Early impact of the COVID-19 pandemic on in-person outpatient care utilisation: a rapid review.

Details

Ressource 1Download: e056086.full.pdf (533.05 [Ko])
State: Public
Version: Final published version
License: CC BY-NC 4.0
Serval ID
serval:BIB_ABD5AE6E50BB
Type
Article: article from journal or magazin.
Publication sub-type
Review (review): journal as complete as possible of one specific subject, written based on exhaustive analyses from published work.
Collection
Publications
Institution
Title
Early impact of the COVID-19 pandemic on in-person outpatient care utilisation: a rapid review.
Journal
BMJ open
Author(s)
Dupraz J., Le Pogam M.A., Peytremann-Bridevaux I.
ISSN
2044-6055 (Electronic)
ISSN-L
2044-6055
Publication state
Published
Issued date
03/03/2022
Peer-reviewed
Oui
Volume
12
Number
3
Pages
e056086
Language
english
Notes
Publication types: Journal Article ; Review
Publication Status: epublish
Abstract
To quantitatively assess the early impact of the COVID-19 pandemic on in-person outpatient care utilisation worldwide, as well as across categories of services, types of care and medical specialties.
Rapid review.
A search of MEDLINE and Embase was conducted to identify studies published from 1 January 2020 to 12 February 2021, which quantitatively reported the impact of the COVID-19 pandemic on the amount of outpatient care services delivered (in-person visits, diagnostic/screening procedures and treatments). There was no restriction on the type of medical care (emergency/primary/specialty care) or target population (adult/paediatric). All articles presenting primary data from studies reporting on outpatient care utilisation were included. Studies describing conditions requiring hospitalisation or limited to telehealth services were excluded.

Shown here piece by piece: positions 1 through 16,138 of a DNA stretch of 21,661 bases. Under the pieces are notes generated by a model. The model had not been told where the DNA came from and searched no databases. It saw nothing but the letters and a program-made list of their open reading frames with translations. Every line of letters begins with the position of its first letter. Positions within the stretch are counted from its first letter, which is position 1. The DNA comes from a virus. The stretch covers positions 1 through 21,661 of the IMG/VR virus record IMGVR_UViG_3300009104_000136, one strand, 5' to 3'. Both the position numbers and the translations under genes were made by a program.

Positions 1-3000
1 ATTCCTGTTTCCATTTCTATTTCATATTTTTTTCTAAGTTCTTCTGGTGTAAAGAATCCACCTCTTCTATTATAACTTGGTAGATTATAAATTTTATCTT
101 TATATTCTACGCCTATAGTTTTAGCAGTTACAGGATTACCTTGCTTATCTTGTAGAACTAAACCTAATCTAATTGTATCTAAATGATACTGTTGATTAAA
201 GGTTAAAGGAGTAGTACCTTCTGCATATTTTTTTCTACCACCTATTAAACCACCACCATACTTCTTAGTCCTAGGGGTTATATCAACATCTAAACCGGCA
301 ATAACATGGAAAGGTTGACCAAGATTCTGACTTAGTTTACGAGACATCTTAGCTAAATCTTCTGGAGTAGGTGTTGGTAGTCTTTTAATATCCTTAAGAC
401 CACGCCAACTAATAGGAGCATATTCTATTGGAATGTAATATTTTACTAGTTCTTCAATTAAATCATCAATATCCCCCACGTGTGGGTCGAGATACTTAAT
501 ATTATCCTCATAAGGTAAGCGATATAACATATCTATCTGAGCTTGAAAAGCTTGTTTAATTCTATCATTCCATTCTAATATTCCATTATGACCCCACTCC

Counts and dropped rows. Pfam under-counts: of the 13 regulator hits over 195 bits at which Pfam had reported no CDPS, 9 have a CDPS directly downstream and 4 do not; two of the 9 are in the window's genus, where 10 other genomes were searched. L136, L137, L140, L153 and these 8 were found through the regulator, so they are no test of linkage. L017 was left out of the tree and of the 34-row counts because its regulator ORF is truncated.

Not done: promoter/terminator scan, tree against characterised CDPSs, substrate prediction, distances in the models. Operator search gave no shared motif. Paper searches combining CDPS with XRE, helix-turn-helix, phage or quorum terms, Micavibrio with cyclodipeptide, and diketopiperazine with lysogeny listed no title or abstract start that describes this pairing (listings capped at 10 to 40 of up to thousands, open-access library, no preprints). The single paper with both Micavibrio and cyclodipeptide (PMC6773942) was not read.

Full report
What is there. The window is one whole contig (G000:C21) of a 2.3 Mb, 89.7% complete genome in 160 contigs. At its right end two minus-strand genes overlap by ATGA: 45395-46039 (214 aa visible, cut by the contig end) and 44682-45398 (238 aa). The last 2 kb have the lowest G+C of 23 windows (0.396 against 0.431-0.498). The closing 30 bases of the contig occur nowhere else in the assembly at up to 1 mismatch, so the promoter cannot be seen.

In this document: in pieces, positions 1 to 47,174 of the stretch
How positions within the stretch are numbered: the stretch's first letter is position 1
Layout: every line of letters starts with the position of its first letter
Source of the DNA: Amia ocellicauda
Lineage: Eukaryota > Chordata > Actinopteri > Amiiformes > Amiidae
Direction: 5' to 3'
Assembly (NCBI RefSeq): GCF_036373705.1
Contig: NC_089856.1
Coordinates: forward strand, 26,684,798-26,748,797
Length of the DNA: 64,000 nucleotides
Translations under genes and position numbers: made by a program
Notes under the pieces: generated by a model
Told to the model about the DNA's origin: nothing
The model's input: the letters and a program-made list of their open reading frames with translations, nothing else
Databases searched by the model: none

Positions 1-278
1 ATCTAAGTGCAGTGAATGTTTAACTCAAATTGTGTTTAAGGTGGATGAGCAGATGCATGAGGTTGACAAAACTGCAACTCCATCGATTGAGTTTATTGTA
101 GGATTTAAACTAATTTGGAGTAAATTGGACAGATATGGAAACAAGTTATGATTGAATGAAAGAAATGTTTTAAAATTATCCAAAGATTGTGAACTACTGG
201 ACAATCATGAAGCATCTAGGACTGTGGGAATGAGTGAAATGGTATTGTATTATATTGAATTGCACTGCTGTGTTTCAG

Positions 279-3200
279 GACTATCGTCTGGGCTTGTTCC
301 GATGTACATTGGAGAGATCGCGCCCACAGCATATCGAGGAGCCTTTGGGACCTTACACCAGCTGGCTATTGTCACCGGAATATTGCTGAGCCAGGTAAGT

A total of 517 articles reporting 1011 outpatient care utilisation measures in 49 countries worldwide were eligible for inclusion. Of those, 93% focused on the first semester of 2020 (January to June). The reported results showed an almost universal decline in in-person outpatient care utilisation, with a 56% overall median relative decrease. Heterogeneity across countries was high, with median decreases ranging from 10% to 91%. Diagnostic and screening procedures (-63%), as well as in-person visits (-56%), were more affected than treatments (-36%). Emergency care showed a smaller relative decline (-49%) than primary (-60%) and specialty care (-58%).
The provision of in-person outpatient care services has been strongly impacted by the COVID-19 pandemic, but heterogeneously across countries. The long-term population health consequences of the disruption of outpatient care service delivery remain currently unknown and need to be studied.
CRD42021237366.
Keywords
Adult, Ambulatory Care, COVID-19/epidemiology, Child, Delivery of Health Care, Humans, Pandemics, SARS-CoV-2, COVID-19, International Health Services, organisation of health services, paediatric A&E and ambulatory care, primary care, public health
Pubmed
Open Access
Yes
Create date
04/03/2022 8:38
Last modification date
15/03/2022 7:34
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